- Politics and Social Issues
Steampunk Goes Mainstream
A future inspired by a past that never was
Lace up your corsets and grab your goggles ladies and gentlemen - 'cause Steampunk is gearing up to go mainstream soon.
If you've never heard of Steampunk, it's a retro-sci-tech mashup - spanning the genres of literature, art, games, jewelry, fashion, movies, music & technology, (and the generations) - and it's time has come.
IBM thinks so. They've been watching the blogs, and social media and chatter about this Victorian-inspired steam-tech counterculture skyrocketed in the past few years. They're predicting steampunk to (ironically) go retail in a big way this year.
For the clincher, check out the recently released book 'Vintage Tomorrows', co-authored by Historian James H. Carrott and Futurist Brian David Johnson, which explores the real-world relationship between a past that never happened and the future it could inspire.
An alternate 19th century
Steampunk is in an extraordinary league of it's own
Imagine an alternate reality where today's technology was developed in a Victorian-era 19th century context. With awe-inspiring contraptions made of smooth-grained mahogany, rugged leather, brass fittings, and powered by steam, tubes and gears...lots of gears.
A world where individuals ventured bravely down their own road, bypassing the industrial revolution and following their own vision and indeed, using their own know-how to equip themselves for the journey.
Visionary science fiction writers and illustrators of the 19th century opened our minds to the "what if" possibilities of technology long before we developed the capabilities.
It's that kind imagination that sparks each new generation of discovery and progress. The Industrial Revolution is winding down. What does steampunk tell us about where we go from here?
Jules Verne - visionary - Fiction is getting closer to fact
Jules Verne's science fiction novel "Mysterious Island" was published in 1874. One of Verne's most quoted phrases from the book - Water will be the coal of the future may be close to becoming a reality.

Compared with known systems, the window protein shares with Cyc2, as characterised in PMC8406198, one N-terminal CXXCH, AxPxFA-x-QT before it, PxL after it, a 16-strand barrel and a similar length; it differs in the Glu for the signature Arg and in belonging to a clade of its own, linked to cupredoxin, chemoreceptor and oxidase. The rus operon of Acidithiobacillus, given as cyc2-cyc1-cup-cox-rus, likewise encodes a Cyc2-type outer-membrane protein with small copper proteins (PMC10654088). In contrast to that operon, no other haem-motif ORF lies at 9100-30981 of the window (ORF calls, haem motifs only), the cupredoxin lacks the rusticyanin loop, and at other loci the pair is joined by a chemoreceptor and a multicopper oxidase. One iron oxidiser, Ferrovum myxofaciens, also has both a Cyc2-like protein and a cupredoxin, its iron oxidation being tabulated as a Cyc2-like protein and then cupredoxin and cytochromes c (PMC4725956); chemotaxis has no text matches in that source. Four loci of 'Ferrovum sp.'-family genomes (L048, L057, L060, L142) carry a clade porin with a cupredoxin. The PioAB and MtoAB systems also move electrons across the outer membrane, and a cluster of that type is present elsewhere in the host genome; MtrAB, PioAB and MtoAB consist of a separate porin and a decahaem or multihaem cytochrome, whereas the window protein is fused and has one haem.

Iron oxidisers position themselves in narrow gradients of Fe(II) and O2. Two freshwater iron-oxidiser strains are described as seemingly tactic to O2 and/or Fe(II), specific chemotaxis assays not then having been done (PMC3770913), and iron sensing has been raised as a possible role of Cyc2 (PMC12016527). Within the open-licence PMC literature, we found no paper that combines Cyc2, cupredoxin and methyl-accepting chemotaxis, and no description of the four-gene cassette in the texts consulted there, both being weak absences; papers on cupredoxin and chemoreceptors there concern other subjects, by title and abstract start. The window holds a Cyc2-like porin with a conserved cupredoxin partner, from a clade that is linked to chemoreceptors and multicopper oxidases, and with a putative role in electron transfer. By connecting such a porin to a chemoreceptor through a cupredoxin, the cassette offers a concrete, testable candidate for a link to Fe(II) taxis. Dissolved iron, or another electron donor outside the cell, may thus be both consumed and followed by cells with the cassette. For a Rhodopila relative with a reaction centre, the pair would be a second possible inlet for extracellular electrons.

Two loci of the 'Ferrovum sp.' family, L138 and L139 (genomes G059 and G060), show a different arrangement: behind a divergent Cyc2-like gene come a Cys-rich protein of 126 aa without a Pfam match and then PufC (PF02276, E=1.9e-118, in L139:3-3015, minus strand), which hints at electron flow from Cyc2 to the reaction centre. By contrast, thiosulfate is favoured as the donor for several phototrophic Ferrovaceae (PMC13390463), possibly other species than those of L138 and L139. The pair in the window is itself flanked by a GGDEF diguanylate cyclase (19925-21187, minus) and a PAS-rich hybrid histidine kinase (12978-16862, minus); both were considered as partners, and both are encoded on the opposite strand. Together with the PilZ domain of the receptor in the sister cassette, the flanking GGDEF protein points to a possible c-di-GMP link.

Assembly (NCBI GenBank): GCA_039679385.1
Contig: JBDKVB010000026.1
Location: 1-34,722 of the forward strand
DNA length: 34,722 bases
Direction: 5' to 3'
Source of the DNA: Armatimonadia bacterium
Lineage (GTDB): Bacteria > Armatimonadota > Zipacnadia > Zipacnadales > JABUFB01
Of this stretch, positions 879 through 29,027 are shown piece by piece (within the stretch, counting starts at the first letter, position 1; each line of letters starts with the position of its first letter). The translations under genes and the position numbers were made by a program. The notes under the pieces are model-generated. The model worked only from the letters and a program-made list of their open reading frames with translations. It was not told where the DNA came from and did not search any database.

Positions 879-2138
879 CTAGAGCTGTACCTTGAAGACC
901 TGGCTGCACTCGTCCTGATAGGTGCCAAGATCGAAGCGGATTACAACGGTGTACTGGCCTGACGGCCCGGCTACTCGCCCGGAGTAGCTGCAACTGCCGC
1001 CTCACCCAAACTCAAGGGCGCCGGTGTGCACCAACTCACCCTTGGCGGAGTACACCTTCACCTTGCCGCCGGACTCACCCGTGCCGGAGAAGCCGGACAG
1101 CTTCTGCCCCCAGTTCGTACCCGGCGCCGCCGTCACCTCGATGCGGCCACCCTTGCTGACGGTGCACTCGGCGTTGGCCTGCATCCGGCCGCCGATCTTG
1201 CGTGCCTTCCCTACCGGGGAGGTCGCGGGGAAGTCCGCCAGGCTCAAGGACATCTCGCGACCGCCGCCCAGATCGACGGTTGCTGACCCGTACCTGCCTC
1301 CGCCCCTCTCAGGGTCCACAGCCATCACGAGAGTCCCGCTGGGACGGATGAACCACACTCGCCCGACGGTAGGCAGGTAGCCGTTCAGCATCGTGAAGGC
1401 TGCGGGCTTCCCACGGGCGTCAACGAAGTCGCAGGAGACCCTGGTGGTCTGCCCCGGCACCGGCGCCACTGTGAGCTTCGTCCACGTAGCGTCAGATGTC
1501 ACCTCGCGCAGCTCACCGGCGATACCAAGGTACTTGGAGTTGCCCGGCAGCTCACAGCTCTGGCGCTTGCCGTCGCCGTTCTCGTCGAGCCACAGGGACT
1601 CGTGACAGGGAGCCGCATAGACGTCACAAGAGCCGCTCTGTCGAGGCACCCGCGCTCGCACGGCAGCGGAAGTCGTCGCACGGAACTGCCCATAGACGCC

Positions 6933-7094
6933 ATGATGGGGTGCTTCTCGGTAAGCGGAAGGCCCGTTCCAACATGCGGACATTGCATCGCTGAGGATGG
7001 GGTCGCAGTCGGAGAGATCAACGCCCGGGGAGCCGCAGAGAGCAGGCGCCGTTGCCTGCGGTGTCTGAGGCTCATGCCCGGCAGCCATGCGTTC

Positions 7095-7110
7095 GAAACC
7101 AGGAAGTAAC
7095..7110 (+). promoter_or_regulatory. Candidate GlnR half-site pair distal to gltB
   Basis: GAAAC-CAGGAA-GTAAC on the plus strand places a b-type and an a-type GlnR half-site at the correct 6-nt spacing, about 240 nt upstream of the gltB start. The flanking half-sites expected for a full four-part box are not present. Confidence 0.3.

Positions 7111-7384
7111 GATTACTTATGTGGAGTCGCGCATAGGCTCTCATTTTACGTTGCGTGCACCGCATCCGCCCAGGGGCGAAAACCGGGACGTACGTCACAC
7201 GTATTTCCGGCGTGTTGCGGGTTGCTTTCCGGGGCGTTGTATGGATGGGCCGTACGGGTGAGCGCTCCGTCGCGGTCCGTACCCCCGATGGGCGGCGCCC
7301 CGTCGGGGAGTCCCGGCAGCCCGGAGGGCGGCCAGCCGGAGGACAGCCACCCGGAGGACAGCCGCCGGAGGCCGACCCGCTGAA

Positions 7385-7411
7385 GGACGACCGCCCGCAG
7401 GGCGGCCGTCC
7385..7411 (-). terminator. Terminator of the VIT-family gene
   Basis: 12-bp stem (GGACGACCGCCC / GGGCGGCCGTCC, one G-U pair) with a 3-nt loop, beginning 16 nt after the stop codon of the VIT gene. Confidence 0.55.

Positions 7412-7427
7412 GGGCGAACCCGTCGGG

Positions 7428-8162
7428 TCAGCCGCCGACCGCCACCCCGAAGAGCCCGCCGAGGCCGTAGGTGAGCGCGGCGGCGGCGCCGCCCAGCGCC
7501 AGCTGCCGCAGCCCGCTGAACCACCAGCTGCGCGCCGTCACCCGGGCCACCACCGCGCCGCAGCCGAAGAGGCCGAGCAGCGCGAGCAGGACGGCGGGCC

Recent technological advances in extracting hydrogen from water shows promise for enabling us to transition from fossil fuels to clean, CO2-free energy from water, solar and wind.
Steampunk exhibition - Museum of the History of Science, University of Oxford.
Like many previous counterculture movements, steampunk's roots can be found in literature and the visual arts.
The Steampunk aesthetic is beautiful, tactile, imaginative, and evocative of a time long-past when makers hand-crafted the things they needed to suit their specific purpose. Plastic and polymers may suit the manufacturing processes required to mass produce cell phones and iPads, but they lack the charm, elegance and individuality of hand-made devices.
And it's not just a visual thing, it's language, imagination and individualism - all wrapped in a retro-futuristic mindset.
Neverwas Haul - Steampunk on the move
This wild and wonderful curiosity is a self-propelled, 3-story Victorian house named "Neverwas Haul". Built simply to bring pleasure and a smile to Burning Man in 2006, this vehicle was imagined by Shannon O'Hare and built by crew of twenty - most of them long on enthusiasm and short on skills.
Neverwas Haul has become a steampunk icon and a regular feature of Maker Faires and Burning Man in the Nevada desert each summer.
To many, designing and building a vehicle just because it defies logic and reason is crazy. But you can't help but look at this mobile marvel, built by inexperienced hands' as an inspiration from a creative and engineering perspective. It's an impressive mix of art, mechanics and steampunk culture that will inspire others in the future.
And I'm pretty sure that's the point of it.
The one rule...